Archives for posts with tag: AA

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It’s been some time since I turned my back on this blog.  I rather ostentatiously announced that I would never blog again.   But it’s been a tumultuous year inter personally and internationally.   Not a great year to ignore.   The most important reason for not blogging?

Last year I met someone I have grown to respect tremendously, even though in the peripheral vision of the public eye he is perhaps one of the most private people I’ve ever called a friend.  He has become one of those closest to me.  In its former incarnation my blog had become a risky means to communicate my triumphs, failures and frustrations.  Those around me felt uncomfortable, aware they could end up in this personal blog at the mercy of my public point of view.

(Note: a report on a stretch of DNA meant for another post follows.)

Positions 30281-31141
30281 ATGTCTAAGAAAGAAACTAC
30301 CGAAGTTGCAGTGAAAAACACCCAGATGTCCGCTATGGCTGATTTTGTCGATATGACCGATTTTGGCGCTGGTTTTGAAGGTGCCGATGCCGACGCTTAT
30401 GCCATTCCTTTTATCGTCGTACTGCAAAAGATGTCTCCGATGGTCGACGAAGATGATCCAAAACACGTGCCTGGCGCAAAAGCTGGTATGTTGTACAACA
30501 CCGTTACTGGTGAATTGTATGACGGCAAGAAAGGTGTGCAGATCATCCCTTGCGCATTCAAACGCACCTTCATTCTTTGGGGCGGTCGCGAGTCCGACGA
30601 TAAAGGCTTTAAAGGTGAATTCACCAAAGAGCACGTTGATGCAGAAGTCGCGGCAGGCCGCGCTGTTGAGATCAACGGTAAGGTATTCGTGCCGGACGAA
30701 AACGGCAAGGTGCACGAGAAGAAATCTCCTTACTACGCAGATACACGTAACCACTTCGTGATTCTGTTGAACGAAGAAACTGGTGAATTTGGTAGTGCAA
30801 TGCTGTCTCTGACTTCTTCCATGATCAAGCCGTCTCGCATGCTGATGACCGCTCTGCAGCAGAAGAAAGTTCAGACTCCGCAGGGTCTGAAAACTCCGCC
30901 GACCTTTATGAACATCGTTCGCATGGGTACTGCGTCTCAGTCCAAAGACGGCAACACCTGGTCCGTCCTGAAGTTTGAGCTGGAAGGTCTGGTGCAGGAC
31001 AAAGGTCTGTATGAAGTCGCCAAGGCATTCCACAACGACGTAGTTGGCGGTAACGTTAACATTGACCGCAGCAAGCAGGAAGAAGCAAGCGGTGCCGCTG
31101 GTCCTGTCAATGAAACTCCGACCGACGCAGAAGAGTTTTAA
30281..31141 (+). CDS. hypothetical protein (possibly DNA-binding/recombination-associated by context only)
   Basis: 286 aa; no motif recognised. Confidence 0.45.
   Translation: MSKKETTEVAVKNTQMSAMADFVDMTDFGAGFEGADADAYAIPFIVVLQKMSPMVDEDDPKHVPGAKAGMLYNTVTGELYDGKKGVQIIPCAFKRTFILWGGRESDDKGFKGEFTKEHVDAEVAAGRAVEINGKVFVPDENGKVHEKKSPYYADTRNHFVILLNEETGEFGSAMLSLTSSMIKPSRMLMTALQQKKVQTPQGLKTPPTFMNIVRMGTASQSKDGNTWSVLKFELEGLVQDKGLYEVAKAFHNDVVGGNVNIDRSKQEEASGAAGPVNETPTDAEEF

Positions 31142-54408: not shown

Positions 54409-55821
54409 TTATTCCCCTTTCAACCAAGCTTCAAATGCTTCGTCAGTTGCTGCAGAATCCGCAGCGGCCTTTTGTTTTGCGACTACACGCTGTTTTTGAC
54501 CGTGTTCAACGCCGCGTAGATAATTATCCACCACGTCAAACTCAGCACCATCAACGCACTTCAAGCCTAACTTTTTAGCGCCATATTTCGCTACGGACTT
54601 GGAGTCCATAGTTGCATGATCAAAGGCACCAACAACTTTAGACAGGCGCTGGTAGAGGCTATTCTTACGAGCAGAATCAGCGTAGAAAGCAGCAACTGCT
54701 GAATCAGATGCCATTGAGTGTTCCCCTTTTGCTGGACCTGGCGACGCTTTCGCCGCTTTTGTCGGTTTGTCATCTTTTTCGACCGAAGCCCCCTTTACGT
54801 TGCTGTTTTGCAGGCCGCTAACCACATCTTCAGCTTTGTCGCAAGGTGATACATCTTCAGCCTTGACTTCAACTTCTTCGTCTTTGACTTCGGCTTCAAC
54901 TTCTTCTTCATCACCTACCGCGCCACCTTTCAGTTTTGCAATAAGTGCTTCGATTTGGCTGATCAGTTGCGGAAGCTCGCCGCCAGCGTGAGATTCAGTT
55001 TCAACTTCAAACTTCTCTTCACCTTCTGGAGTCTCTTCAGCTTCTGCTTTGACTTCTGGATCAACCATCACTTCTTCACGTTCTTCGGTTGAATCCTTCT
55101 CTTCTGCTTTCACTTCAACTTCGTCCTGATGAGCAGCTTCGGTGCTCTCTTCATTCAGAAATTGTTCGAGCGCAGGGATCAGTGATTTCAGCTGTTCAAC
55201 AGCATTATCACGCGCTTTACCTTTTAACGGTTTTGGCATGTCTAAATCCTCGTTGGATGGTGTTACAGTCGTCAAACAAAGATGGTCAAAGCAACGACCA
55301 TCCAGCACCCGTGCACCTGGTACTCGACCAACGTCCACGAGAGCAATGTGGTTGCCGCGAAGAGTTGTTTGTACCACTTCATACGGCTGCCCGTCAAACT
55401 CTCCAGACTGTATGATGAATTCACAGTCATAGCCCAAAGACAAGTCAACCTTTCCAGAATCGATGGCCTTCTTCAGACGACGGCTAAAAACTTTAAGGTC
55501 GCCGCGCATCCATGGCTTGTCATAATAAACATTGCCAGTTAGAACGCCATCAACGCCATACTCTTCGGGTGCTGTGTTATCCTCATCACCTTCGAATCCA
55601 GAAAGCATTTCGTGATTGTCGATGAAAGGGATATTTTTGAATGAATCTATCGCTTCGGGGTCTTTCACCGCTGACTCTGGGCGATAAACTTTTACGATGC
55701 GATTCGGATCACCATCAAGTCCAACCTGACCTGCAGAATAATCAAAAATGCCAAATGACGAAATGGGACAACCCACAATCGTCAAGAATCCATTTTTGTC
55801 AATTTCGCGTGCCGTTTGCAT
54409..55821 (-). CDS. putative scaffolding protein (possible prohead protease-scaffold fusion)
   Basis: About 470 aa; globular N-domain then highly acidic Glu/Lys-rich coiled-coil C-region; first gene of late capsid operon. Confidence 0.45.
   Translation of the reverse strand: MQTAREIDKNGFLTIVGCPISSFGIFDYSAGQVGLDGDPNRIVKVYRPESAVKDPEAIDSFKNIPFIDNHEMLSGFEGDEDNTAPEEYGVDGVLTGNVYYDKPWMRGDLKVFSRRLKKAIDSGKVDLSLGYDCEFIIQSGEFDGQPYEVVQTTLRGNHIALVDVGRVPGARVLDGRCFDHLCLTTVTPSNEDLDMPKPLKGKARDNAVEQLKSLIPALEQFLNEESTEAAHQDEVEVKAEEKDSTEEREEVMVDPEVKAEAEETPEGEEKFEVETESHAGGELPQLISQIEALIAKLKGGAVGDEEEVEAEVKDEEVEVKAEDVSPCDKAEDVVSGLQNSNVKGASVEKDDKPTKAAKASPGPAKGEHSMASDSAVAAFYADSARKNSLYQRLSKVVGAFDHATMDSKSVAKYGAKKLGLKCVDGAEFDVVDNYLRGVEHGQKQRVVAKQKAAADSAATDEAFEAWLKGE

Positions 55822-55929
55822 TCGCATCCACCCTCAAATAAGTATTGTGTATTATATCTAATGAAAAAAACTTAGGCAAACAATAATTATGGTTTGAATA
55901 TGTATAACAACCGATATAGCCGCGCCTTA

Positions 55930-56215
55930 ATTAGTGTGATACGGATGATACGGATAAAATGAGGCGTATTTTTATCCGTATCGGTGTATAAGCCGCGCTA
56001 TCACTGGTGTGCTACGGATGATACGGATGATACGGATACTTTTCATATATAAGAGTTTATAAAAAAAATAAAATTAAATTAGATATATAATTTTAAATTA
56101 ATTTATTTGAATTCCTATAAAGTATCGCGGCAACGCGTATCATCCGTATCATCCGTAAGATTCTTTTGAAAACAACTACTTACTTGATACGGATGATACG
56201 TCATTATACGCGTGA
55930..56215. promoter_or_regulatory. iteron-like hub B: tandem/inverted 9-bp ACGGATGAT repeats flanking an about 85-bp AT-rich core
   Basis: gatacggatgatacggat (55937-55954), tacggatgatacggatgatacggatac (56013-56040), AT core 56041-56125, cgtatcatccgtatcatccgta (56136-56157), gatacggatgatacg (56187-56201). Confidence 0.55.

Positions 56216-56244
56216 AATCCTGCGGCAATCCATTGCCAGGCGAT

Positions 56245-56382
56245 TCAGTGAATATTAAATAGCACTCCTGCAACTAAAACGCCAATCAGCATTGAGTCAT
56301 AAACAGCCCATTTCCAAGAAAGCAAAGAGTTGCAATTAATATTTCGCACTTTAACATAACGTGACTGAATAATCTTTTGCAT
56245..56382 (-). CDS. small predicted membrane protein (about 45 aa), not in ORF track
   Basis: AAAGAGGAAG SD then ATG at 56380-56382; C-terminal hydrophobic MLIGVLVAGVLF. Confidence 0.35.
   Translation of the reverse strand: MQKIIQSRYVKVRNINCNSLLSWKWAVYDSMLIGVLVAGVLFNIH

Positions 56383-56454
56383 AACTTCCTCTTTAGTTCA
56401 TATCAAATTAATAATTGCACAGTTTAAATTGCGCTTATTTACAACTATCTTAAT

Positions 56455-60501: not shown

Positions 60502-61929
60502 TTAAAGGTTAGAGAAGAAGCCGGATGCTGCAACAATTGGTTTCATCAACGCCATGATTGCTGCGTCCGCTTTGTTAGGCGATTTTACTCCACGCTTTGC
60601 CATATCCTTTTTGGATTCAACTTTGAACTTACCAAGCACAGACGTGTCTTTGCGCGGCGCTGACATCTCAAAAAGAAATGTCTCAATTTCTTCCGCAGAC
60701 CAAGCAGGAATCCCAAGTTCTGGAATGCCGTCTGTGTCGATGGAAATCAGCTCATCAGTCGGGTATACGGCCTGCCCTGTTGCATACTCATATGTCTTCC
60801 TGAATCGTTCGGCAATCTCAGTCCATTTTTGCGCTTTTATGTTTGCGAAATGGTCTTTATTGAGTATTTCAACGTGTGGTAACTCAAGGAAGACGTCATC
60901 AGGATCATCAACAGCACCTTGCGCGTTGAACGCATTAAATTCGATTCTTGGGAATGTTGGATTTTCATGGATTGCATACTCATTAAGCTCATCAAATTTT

The closer I became to my friend, the more I grew to love his gentle disposition, his trust and generosity.  I did not want to endanger our friendship nor cause him or his family anxiety.   I stopped writing.  This week I mentioned to him why I had stopped writing my blog and how I might start writing again.  He was very supportive.

2.

I am an oaf.  The older I get the more clumsy I become.  Some people become physically inept.  I’ve become mentally less agile.  Tripping over myself when I get excited.  Wading through molasses when I get tired.   Writing this blog every day kept me alert.